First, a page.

A quick look at Melbourne Water’s current and future energy use reveals some concerning facts, especially in the light of the need to reduce electricity use and carbon emissions. By clicking the image below you will see a breakdown of current energy usage in all aspects of Melbourne Water’s activities. The energy usage of the desalination plant will mean we will be using at least three and a half times as much energy once Melbourne Water starts sourcing water from the desalination plant.
The state Government’s says their promise to offset the desalination plant’s electricity use with renewable energy credits, makes the plant’s huge energy use OK. Better than not offsetting at all, if they must build the plant, however this option prevents the reductions in greenhouse emissions that are required to avoid catastrophic climate change. The analysis below uses the recently released Australian Greenhouse Audit to look at the figures:
Victorian emissions soaring, and water a culprit!
From the Federal Governments National Inventory of Greenhouse Gas Emmissions by Economic Sector 1990-2007 (http://www.climatechange.gov.au/inventory/2007/pubs/NIES.pdf):
In 2007, Victoria had the highest emissions of all the states in the electricity, gas and water sector, at 65.2 Million tonnes CO2 equivalent (Mt CO2-e).
We have eclipsed NSW who were the highest in this sector in the 1990’s.
Victoria has increased its emissions in this sector by some 40.8% between 1990 and 2007, from 46.3 to 65.2 Mt CO2-e. NSW only increased their emissions in this sector by 32.3% over the same period.
Victoria will increase its annual emissions by another 1.2 Mt CO2-e by the operation of the proposed desalination plant (if kept to the 150 gigalitre capacity rather than the design maximum of 200 gigalitres). This represents another 2.6% increase above our 1990 levels in the water, electricity and gas sector.
Alternative water supply options could have sourced the same volume of water at not much more than a quarter the emissions. To put this another way, water supply need only have increased our emissions some 0.7% further above 1990 levels rather than the 2.6% now being proposed.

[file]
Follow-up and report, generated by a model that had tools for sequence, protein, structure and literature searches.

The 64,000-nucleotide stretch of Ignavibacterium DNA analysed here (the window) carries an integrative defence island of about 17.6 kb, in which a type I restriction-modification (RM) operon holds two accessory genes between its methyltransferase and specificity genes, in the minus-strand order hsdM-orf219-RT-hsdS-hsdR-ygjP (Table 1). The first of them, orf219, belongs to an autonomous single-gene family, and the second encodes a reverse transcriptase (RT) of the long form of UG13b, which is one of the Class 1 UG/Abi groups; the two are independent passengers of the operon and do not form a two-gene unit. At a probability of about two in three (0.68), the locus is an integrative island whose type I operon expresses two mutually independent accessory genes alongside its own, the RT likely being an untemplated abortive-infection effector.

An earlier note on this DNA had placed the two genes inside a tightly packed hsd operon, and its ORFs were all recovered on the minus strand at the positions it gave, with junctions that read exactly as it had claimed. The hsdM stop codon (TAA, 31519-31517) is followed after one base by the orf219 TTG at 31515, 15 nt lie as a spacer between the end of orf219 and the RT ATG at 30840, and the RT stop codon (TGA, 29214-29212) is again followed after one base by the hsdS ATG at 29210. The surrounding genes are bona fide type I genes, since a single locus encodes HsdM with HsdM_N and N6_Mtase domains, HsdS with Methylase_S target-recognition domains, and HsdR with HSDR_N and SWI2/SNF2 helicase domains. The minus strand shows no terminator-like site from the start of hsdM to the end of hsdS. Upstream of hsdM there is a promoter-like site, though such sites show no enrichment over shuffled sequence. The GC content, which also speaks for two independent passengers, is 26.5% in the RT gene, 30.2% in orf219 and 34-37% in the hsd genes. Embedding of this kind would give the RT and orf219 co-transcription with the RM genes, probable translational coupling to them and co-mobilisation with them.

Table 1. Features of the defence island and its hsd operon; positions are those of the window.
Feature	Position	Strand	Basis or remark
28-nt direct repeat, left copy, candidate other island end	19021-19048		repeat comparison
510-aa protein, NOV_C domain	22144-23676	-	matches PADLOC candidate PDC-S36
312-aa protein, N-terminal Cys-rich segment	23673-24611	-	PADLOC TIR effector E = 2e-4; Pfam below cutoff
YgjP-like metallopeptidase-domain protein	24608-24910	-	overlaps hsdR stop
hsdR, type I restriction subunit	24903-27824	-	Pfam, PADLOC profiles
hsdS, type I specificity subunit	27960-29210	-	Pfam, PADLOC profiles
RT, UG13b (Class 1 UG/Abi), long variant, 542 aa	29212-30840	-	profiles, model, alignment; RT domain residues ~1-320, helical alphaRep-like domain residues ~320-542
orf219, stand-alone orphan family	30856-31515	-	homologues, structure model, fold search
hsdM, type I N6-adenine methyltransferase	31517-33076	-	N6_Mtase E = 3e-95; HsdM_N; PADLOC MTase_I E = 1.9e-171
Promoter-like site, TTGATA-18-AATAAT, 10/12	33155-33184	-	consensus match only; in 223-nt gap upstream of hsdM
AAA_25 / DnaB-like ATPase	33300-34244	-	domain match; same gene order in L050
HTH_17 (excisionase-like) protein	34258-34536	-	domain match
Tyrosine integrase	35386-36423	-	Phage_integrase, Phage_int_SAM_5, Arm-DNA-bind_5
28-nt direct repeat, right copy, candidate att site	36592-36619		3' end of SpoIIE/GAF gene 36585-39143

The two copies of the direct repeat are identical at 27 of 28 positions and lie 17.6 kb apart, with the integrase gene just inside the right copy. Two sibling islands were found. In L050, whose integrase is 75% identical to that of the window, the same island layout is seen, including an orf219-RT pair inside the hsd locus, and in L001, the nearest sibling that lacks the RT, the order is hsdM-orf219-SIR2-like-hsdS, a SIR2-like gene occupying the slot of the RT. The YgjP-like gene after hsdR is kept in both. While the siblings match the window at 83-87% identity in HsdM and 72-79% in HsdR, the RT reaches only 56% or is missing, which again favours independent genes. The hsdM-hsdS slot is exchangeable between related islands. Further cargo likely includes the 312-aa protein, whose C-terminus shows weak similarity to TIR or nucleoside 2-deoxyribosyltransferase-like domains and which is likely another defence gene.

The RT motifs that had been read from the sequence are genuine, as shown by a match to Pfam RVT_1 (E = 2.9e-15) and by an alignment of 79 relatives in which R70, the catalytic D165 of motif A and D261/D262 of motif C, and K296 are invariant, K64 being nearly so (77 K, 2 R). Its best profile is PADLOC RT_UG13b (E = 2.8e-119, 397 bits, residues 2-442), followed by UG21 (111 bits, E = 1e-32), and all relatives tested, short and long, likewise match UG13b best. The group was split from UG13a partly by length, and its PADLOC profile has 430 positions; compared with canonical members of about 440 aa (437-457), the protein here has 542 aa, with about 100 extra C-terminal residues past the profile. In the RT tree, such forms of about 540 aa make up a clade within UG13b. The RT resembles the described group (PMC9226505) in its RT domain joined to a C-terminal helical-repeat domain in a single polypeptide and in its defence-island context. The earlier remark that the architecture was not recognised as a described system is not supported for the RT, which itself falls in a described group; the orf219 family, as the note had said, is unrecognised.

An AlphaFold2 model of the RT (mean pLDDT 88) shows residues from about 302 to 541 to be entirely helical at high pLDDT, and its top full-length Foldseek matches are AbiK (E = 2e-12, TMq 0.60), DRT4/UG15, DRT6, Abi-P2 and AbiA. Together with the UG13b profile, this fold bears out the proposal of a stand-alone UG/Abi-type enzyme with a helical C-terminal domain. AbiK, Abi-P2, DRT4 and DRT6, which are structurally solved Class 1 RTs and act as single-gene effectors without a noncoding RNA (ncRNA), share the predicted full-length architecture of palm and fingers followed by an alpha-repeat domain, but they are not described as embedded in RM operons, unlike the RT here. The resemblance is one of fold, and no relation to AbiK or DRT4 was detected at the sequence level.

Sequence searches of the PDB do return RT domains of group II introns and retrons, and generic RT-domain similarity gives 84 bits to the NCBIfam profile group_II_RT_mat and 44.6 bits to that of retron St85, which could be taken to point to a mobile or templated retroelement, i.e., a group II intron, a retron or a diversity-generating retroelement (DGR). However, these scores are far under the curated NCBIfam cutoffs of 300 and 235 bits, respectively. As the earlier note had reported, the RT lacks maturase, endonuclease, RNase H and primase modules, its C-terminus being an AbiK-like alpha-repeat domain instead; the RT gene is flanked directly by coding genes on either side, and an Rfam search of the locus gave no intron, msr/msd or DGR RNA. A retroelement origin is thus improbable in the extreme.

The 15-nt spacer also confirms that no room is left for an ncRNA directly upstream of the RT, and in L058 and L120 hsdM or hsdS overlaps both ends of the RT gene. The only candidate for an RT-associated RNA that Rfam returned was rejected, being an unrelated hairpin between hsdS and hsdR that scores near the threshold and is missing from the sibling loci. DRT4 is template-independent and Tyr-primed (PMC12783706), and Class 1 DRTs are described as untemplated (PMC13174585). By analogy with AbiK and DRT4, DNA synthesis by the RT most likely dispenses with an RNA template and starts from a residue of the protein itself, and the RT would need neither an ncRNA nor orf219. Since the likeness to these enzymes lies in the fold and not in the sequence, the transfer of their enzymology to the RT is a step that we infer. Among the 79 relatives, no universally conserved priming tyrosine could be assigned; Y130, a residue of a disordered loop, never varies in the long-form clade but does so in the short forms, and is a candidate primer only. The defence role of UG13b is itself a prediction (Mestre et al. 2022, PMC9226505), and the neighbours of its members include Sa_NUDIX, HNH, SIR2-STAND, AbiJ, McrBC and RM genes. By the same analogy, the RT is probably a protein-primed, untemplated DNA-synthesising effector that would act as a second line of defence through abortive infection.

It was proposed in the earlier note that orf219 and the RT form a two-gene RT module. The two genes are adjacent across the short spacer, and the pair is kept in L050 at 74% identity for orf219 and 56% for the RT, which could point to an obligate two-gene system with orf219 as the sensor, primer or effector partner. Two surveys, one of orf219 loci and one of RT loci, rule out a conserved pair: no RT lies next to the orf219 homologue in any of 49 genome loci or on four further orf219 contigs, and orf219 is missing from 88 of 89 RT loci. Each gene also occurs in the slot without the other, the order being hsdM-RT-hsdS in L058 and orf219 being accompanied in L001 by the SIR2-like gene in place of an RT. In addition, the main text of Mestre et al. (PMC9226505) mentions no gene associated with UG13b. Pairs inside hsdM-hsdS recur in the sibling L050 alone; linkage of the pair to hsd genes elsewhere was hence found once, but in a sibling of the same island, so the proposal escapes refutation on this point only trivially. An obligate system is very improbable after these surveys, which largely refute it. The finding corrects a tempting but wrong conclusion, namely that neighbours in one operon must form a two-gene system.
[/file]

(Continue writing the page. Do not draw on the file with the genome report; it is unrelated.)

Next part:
Our overall emissions must be reduced, not increased, from 1990 levels to avoid catastrophic climate change. Australia will hopefully reduce its emissions by something like 30% on 1990 levels by 2020. How will this be done when states like Victoria appear uninterested in actually reducing emissions?
Offsetting the desalination plant’s emissions with renewable energy credits will merely cover the new emissions. There will be no net reduction in emissions. Had the Victorian Government pushed the alternative water supply options, we would have had nearly three quarters of the renewable energy available, to actually offset and reduce some 1.9% of those 1990’s emissions (¾ x 2.6 = 1.9). The Victorian Government has instead decided to tie up these renewables (currently more than the quantity available) to cover their wasteful and unnecessary desalination plant.
Here are a few examples of water supply options that could supply enough water to more than cover the quantity proposed from the Wonthaggi desalination option:
Have a look at the cost comparisons, the ongoing cost of water, and in particular the carbon emissions from each of these options. Click on the links to see a new page with the details:
The dams are falling - Victoria and Watershed’s desalination blues.
· Get real! Of course the dams levels are falling, and we need to do something about it!
- almost nothing new has been done since the late 1970’s when the Thomson dam was commenced
- population has gone up by 40% in that time, and
- we have changed the environment and the climate through wasteful and inefficient energy use.
· Our Government realized the problem a little late, in 2002, and started work on finding a solution. Some really good work was done, with the basis of a sustainable strategy being formulated before the last election.
· Unfortunately, after the election it all started to look a little difficult, especially after the 2006 spring rains failed. Premier Bracks and his Water Minister said we’d build the world’s biggest RO desal plant and take water from the north instead. Soon after, they both resigned.
· Mr. Brumby was given the reigns of power and he appointed his friend Tim Holding as Water Minister. This was to be a “can do” government, and the “Water Plan” was going to showcase that attitude. Government said we would need every drop from the N-S pipeline and from the desal plant. They were doing the right thing and these projects would operate 24/7, 365 days a year.
· ‘Your Water Your Say’ said this was CRAZY! All the other options mentioned before the election would likely be swept aside. The new “Water Plan” would see dams overflowing in 2015 with expensive and environmentally unfriendly water within just a few years after the desal plant is operating.
· The State Government squashed YWYS after it tried to get some environmental scrutiny of the preliminary works now underway on a 500 acre site. They used QC’s and a team of lawyers to sway the judge on the wording of one sentence, the case was thrown out, and to this day the State Government refuse to release that community group from court costs.
· Experts and academics said this plan was two to ten times more environmentally unfriendly than the alternatives. To see some examples of how other options can sucure out water - click here
· No said the Government;
- the N-S pipe would benefit all